While a postgraduate research student at the University of Exeter’s Camborne School of Mines, Pete Whitbread-Abrutat devised, developed and managed a four-year research programme investigating the factors affecting the successful establishment of trees on metalliferous mine wastes and assessing methods to improve their establishment in restoration schemes. Prior to the research it was thought that substrate contamination with arsenic and copper, in particular, were the principal causes of poor tree establishment.
The programme consisted of:
- Assessment of the success of tree planting schemes and deduction of reasons for success/ failure.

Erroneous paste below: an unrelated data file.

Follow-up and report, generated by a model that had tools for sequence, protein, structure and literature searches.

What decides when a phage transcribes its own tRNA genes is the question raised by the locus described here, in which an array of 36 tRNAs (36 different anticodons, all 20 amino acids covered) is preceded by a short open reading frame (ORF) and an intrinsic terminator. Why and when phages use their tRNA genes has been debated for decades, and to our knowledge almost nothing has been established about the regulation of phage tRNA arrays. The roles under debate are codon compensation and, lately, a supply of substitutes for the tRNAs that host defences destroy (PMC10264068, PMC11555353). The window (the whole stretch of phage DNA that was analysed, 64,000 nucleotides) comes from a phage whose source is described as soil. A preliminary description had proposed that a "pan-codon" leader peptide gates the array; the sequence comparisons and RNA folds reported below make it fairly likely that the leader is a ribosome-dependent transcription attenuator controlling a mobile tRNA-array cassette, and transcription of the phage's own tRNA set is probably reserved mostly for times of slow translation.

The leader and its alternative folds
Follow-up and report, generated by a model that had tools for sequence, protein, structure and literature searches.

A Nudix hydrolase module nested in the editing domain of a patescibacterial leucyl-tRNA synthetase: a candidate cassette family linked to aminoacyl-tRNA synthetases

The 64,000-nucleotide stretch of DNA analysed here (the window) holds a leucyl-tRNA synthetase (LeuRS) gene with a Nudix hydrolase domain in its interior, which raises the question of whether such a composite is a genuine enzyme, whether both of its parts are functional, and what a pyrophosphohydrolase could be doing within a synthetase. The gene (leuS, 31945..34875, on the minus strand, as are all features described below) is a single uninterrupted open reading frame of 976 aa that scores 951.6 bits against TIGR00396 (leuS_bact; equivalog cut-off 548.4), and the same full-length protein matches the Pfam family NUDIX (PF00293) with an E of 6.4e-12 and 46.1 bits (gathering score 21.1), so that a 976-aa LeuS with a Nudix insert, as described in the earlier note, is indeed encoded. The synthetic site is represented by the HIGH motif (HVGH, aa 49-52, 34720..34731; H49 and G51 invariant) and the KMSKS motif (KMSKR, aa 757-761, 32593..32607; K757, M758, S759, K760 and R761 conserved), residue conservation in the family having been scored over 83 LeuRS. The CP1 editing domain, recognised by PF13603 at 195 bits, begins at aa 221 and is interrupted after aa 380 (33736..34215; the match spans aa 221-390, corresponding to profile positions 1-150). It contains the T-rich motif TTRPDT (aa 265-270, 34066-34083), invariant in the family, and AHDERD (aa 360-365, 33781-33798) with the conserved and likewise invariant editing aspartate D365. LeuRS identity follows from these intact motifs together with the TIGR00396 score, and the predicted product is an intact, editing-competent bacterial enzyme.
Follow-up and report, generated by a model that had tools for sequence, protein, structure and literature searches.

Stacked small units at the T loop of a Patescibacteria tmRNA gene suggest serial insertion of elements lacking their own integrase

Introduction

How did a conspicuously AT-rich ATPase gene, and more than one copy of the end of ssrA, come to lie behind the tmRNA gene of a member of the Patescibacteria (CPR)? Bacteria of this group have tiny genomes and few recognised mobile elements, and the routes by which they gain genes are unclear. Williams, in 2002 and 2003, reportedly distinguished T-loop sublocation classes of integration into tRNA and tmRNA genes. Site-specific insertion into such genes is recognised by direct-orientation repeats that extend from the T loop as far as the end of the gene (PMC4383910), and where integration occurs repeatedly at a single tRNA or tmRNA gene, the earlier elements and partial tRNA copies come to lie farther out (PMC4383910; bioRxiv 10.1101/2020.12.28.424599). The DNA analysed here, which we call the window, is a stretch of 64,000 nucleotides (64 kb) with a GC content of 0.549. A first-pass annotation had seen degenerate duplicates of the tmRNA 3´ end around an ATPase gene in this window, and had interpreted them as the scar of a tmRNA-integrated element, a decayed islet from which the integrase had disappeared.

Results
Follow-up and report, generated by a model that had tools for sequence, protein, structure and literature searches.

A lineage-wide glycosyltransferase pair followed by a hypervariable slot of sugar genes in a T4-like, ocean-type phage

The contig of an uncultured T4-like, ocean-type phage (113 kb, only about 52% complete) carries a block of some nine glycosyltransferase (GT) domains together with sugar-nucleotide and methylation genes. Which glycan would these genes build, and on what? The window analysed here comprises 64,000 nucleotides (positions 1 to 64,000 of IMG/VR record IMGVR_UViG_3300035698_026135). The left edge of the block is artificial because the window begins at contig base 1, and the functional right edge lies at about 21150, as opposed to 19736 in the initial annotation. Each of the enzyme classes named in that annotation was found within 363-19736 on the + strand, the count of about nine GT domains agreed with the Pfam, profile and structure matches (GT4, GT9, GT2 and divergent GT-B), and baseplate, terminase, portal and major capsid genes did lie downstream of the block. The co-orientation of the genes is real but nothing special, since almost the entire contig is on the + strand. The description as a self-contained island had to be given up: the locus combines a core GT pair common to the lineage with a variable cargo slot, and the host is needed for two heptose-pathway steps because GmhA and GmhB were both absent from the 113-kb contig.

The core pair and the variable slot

- Field studies of the natural recolonisation of Cornish metalliferous mine sites.
- Nursery-based pot trials involving planting trees in contaminated mine wastes mixed with a range of several soil amendments – some conventional and some novel.
- Collection, preparation and chemical analysis of many hundreds of vegetation and substrate samples for using a range of wet and dry analytical techniques.
The research concluded that poor tree establishment in mine waste reclamation schemes is caused primarily by human factors rather than geochemical ones, particularly poor species choice, site preparation and planting technique; inappropriate soil amendment choice and inadequate aftercare. A summary report expanding on these conclusions and providing recommendations was sent to the relevant local authorities and businesses involved in mine reclamation in Cornwall to inform future reclamation practices.